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Charter Academy plans expansion

Charter Academy eighth-graders, from left, Dominique Billingslea, David Clampet, Cameron Crandall and Callie Anderson, work with topographic maps  during their Earth science class. 
 (Kathy Plonka / The Spokesman-Review)
Charter Academy eighth-graders, from left, Dominique Billingslea, David Clampet, Cameron Crandall and Callie Anderson, work with topographic maps during their Earth science class. (Kathy Plonka / The Spokesman-Review)

The Coeur d’Alene Charter Academy is having growing pains. With enrollment at 390 students in grades 6 through 12 this year, and long-range plans for even more expansion, the school is reaching out to the greater community this year to support its next goal, which is to construct a new science and technology building next to the existing facility.

Although part of Coeur d’Alene School District 271, with two-thirds of its students residing in the district, the academy is not eligible to receive special levy or building bond taxes.

Nor does the school qualify for many grants because it is classified as suburban, and most grants are allocated to either rural or urban schools. And because the Charter Academy doesn’t have a school lunch program, it is not eligible for federal money allocated for free- and reduced-price lunches.

Consequently the school depends on contributions, grants and a big annual fund-raiser to build up its cash reserves. For several years the academy has held a fund-raiser with a dinner and auction.

“We need some real dollars,” said Principal Nels Pitotti. “Our funding comes through the state like all other schools. We do get our average daily attendance; we don’t have a geographical tax base, where other schools do.

“We don’t get into transportation; the NICE bus provides transportation, or car pools,” Pitotti continued. “Transportation is another black hole you just keep pouring money into.”

The academy operates on about 70 percent of what the other schools spend, Pitotti said. He said many parents donate generously, with one family alone donating $1,200 this month.

The academy has minimal debt and owns the school buildings and land. Much credit goes to the parent volunteers who tirelessly rally for the school they believe in.

“The Charter Academy’s charter is to be a college preparatory institution with academic rigor; character counts,” said parent volunteer Jen Goodsen. “You have a small environment, and it’s a quality environment. For families who want to put their kids in a stimulating and challenging environment and have accountability, this is truly a great match.”

Goodsen said that the students at the academy are required to think, prioritize and learn time management. When they leave, she said, there is a level of success that prepares them for college and the real world.

Pitotti said the general public may have some misconceptions about the academy. One is that there is a tuition fee, which is false. Pitotti said there are no entrance exams and that any student is welcome. Lack of a sports program is not true, either. Charter’s cross country team just returned from the state championships, and there are also basketball, track, volleyball and tennis squads. If students want to play football, soccer or baseball, they can participate on the public school teams in their district.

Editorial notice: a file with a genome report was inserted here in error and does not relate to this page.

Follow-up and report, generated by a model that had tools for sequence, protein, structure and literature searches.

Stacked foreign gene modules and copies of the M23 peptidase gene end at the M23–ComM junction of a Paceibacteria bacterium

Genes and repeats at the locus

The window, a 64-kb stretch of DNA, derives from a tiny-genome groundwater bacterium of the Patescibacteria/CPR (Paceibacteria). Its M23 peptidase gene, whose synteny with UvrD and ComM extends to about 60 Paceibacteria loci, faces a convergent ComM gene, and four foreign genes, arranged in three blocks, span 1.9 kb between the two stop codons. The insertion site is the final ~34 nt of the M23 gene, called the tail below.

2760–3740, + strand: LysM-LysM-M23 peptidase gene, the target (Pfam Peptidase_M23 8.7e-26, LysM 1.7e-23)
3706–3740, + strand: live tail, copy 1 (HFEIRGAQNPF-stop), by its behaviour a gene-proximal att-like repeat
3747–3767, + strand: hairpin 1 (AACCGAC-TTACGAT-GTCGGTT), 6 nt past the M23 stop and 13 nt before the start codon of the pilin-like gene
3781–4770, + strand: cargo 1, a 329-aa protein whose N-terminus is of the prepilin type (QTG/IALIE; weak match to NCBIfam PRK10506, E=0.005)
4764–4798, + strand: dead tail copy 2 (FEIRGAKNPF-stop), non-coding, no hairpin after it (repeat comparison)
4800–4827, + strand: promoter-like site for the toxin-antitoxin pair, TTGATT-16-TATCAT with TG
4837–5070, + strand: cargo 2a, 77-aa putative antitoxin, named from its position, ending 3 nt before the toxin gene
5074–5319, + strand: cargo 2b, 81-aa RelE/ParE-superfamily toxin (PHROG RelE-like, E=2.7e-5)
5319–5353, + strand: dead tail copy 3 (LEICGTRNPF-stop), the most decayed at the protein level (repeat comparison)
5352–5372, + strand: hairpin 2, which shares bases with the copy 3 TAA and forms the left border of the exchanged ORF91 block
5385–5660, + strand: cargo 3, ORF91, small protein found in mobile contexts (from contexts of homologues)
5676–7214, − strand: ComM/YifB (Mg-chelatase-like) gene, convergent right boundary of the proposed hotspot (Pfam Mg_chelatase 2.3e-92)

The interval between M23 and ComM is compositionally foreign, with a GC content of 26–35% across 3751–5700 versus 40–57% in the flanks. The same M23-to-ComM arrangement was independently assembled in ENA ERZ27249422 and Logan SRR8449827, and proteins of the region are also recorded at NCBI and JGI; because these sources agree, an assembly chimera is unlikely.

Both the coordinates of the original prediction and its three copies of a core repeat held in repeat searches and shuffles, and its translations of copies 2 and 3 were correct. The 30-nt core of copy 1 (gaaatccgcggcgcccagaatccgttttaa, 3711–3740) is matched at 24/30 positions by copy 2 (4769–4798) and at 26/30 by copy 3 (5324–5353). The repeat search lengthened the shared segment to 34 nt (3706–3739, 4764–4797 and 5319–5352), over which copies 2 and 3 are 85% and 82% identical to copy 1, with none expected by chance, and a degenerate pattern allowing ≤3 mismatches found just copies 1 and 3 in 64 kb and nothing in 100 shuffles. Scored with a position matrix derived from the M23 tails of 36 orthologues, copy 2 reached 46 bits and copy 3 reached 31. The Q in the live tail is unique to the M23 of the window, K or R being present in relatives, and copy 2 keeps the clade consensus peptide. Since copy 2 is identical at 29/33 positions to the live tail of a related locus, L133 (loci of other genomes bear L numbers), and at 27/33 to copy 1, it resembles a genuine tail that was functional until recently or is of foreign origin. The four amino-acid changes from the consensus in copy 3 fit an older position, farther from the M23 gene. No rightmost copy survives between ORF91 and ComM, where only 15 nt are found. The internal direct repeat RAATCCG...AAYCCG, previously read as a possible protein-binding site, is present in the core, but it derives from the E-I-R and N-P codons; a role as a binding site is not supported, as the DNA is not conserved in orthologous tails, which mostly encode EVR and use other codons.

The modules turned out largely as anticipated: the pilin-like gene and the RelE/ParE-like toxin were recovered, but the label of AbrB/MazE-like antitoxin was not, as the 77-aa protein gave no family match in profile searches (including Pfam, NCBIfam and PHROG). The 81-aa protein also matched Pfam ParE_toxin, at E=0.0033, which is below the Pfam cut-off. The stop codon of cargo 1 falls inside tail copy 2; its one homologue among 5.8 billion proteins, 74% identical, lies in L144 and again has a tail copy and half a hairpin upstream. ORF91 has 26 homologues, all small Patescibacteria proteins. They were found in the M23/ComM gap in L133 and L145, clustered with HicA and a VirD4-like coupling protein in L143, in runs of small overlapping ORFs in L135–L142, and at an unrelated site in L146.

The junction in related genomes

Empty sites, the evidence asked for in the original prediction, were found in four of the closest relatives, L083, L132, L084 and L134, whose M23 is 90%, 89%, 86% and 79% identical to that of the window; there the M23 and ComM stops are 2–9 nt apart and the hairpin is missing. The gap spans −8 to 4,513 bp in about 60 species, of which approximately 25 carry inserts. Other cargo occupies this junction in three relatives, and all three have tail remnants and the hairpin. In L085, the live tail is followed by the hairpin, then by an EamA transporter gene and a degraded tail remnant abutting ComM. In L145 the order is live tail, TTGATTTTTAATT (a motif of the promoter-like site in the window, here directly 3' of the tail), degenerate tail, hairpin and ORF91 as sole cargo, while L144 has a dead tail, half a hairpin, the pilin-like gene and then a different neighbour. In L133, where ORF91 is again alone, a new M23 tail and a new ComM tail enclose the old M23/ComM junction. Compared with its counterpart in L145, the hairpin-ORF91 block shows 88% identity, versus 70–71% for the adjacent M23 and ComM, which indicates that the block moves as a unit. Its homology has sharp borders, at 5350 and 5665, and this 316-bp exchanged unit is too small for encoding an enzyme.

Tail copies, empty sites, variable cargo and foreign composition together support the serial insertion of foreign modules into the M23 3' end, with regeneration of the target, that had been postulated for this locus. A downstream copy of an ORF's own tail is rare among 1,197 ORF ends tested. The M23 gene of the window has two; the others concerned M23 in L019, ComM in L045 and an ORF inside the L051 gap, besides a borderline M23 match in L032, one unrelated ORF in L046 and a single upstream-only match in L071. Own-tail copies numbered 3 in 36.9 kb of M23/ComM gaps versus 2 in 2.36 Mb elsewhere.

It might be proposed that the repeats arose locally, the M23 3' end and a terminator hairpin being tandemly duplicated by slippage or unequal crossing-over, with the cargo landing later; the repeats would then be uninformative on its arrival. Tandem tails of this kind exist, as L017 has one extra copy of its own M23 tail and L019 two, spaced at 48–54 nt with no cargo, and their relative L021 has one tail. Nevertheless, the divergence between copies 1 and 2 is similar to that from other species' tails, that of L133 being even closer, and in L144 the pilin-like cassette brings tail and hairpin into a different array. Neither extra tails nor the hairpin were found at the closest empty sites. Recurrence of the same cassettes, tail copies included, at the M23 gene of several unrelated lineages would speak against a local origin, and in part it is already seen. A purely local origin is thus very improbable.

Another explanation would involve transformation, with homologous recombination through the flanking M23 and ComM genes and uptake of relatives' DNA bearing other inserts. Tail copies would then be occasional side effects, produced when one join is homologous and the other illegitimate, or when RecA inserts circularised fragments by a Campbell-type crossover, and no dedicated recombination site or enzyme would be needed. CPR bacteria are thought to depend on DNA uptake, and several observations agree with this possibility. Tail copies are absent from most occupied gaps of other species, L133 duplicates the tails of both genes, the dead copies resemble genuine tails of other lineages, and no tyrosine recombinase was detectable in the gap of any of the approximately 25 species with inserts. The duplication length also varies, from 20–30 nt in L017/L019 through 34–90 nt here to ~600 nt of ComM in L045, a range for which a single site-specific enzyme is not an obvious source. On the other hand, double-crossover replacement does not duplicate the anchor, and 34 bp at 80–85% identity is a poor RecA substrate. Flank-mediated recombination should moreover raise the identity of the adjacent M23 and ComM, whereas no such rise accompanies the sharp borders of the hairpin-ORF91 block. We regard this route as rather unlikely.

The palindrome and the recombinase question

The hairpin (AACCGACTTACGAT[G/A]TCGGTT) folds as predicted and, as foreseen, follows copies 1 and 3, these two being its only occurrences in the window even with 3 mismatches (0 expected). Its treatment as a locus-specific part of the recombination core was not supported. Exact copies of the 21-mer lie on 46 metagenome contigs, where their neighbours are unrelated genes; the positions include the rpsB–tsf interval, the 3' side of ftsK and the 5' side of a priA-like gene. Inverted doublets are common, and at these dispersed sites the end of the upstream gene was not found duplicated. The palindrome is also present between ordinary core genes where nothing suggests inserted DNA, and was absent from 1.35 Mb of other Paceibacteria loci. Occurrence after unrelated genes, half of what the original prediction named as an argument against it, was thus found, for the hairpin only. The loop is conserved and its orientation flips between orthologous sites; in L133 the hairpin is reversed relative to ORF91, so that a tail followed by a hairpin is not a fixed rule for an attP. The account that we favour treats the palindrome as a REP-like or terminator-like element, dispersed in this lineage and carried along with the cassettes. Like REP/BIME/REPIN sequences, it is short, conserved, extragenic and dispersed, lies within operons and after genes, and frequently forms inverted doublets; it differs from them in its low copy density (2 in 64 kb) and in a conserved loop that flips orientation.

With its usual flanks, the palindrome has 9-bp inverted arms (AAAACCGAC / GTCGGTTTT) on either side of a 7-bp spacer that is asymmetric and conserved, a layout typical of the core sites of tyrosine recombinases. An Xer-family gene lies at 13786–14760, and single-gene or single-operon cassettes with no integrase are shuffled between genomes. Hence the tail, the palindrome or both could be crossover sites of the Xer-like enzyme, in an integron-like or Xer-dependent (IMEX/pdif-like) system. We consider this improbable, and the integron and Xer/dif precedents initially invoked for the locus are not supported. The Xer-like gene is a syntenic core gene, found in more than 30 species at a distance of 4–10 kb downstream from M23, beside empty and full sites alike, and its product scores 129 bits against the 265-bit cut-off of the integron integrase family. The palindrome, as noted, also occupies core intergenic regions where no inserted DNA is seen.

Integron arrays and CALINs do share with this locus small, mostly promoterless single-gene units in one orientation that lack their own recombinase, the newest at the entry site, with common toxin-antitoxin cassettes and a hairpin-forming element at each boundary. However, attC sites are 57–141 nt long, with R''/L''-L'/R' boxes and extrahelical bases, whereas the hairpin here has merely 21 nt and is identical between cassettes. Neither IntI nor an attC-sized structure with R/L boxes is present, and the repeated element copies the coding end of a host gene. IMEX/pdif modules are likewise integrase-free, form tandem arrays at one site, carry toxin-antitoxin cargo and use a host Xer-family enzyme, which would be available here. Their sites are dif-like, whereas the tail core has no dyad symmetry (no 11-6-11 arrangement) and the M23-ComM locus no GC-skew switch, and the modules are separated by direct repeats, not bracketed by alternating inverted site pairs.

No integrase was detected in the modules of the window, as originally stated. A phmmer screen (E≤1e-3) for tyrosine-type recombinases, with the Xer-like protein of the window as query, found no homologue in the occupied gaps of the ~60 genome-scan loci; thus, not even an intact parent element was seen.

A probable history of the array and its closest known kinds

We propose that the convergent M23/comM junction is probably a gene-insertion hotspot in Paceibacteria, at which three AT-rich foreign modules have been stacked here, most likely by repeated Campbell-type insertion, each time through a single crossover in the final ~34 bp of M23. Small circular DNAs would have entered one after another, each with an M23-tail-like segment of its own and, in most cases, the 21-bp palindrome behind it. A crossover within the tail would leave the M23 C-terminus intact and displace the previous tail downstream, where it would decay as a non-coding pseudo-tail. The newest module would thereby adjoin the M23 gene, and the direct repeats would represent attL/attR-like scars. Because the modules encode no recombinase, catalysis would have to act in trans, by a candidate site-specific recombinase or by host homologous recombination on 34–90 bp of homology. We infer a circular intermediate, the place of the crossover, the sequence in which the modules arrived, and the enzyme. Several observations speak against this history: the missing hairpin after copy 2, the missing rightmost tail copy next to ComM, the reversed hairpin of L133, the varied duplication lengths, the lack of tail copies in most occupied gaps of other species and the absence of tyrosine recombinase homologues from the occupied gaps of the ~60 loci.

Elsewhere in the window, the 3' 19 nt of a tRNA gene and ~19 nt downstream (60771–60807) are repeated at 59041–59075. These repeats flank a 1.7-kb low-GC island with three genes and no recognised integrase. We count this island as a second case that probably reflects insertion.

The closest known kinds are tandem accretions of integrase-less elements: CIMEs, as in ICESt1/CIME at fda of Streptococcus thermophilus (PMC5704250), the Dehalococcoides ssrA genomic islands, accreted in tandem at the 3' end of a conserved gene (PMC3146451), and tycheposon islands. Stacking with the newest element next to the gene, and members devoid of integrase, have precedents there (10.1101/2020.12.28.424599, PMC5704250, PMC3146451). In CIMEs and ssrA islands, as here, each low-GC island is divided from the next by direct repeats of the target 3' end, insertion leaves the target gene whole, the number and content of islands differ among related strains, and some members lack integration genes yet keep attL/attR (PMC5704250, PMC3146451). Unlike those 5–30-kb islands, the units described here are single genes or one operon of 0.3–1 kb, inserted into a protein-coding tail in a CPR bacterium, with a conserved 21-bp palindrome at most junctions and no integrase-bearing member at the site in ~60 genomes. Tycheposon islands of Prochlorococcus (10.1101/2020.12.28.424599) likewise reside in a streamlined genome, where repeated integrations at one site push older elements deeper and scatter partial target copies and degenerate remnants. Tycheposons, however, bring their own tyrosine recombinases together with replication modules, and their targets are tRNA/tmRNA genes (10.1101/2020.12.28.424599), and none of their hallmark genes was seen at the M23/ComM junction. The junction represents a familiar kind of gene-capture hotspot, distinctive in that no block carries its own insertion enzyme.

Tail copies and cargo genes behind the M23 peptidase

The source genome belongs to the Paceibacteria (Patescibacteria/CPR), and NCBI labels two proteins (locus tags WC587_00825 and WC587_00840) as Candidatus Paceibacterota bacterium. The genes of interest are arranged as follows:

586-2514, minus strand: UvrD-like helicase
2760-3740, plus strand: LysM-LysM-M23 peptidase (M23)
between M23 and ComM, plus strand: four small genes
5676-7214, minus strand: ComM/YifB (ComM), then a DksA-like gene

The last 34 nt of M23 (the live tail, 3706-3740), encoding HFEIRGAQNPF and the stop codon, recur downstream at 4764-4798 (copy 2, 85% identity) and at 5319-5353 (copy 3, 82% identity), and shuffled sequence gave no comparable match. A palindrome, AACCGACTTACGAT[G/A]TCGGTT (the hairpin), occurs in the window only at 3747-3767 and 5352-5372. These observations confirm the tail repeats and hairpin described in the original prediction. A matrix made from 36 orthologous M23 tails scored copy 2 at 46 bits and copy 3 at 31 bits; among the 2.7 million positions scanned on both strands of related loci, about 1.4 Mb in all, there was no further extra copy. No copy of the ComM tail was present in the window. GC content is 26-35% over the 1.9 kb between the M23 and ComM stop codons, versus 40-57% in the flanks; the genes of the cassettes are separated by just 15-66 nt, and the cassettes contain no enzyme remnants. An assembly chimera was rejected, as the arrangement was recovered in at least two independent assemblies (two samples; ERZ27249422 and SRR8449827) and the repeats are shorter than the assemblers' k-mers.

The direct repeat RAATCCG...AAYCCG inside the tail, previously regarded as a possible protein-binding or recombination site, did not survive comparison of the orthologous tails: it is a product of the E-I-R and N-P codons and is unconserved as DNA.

Academy’s big fund-raiser will be Feb. 11 at the Coeur d’Alene Resort. Organizers hope to raise $60,000 at the semiformal event, which will include a no-host cocktail hour with music provided by a big band-era band, followed by a gourmet dinner. After the auction, there will be dancing with music provided by a dance band.

“The theme of the event is chartering our course, building our future,” said parent volunteer Suzan Ward.

Goodsen and Ward are looking for more sponsors and/or contributors with items to auction.

“At the $5,000 level (platinum level of sponsorship) they will receive a plaque in the new science and technology building, as well as receiving a plaque at the event from Nels (Pitotti),” Ward said.

All-Service Electric has already become a silver sponsor by donating $1,500. Night Hawk Radiology and Select Hardware Floors have earned the bronze sponsorship level by donating $500.

To donate an auction item or become a sponsor, call Ward at 755-4956 or Goodsen at 640-8596. Tickets for the event are $35.

Schools need chairs, crafters

Bette Price, who teaches ninth and 10th-grade reading at Coeur d’Alene High School, is creating a comfortable reading area in her classroom for students as an incentive to get them more interested in reading. If you have used, clean couches, chairs or beanbag chairs that could be donated, call Price at CHS, 667-4507.

Crafters are needed for the spring craft fair March 18 at Lake City High School. If you are interested in participating, call Linda Palo at 772-4468.

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